Adapt or perish, now as ever, is nature's inexorable imperative.
-- H.G. Wells
In theory, software is a fantastic environment to build things that are designed to adapt to changing needs. Compared to brick and mortar, software is relatively maleable. The cost of making even major changes to software is relatively low.
Unfortunately, too much software is not explicitly designed with change in mind, resulting in systems that quickly become brittle. Some of this is due to lack of attention; some is due to architectures that aren't designed for change.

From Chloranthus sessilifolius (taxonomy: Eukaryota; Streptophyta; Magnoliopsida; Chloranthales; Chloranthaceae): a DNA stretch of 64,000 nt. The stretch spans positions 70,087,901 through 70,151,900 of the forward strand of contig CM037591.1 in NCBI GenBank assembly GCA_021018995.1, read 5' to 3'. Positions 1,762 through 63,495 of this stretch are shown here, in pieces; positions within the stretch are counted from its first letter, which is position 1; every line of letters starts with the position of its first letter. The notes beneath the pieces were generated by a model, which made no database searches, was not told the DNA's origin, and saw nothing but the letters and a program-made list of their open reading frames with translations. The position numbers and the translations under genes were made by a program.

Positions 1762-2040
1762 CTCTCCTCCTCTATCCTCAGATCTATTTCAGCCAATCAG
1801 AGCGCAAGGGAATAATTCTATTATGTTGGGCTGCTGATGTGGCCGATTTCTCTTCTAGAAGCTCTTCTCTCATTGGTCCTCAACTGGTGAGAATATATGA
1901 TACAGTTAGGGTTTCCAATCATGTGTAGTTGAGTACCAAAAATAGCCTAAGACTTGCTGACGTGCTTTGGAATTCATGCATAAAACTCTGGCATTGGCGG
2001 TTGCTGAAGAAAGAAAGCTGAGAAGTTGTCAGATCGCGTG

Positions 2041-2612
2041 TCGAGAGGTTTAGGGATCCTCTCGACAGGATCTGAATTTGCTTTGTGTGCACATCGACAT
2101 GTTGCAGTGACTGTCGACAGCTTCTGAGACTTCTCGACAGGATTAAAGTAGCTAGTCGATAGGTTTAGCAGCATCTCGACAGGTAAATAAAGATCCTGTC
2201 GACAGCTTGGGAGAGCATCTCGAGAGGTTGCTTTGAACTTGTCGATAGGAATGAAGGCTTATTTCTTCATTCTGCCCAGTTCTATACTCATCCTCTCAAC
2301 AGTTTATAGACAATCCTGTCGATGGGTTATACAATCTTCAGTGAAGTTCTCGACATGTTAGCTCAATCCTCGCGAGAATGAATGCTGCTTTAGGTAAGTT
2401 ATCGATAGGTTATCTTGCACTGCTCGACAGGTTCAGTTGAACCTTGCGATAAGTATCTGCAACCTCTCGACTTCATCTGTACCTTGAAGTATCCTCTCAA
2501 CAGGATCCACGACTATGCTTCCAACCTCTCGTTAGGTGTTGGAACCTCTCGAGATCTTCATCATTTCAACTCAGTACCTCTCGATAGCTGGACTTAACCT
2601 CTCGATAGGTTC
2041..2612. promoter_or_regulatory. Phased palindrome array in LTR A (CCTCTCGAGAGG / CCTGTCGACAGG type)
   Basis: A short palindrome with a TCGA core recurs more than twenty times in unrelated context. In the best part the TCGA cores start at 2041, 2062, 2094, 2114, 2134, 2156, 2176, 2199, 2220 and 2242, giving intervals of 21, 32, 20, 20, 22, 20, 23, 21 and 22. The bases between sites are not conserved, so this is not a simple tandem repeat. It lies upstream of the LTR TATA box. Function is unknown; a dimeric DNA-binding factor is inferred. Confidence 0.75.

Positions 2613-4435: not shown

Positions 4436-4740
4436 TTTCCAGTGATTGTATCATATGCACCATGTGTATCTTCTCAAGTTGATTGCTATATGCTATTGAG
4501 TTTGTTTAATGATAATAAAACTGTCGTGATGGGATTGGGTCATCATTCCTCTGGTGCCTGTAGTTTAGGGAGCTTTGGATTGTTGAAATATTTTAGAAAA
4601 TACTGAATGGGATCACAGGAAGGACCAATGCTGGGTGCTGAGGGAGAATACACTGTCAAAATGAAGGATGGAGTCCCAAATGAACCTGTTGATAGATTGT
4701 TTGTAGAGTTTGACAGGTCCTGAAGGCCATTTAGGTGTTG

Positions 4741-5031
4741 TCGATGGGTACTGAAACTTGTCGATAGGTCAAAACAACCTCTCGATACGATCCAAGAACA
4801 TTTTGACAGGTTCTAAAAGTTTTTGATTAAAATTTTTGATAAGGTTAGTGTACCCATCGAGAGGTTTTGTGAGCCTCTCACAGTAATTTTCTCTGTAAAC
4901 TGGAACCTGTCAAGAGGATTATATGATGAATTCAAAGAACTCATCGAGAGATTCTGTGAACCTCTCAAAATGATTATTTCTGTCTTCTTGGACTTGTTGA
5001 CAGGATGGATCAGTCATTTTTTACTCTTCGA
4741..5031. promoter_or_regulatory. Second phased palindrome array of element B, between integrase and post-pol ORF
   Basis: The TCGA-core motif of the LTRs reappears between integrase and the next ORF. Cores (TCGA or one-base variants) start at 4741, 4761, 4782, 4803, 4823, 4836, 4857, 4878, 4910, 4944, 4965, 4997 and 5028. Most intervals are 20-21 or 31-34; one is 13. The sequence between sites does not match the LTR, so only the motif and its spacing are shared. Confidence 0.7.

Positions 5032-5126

I plan to spend some time exploring some contemporary architectures for Web-based applications in terms of their ability to support changing requirements throughout the application lifecycle. For each architecture, I will evaluate the level of available support for practices like rapid prototyping, continuous integration, and test-first development. I will also explore the architecture's support for separation of concerns and its performance and scalability characteristics.
I'll start with Ruby on Rails. Ruby on Rails has been generating quite a bit of buzz with its claim of improving developer productivity by a factor of 10 and it's recent Jolt Award. I will also probably look at Java, .NET, and LAMP, since they are so commonly used. No promises, though; some of this will depend on how much time I will actually be able to devote to this exploration!
Next: setting up my Rails development environment...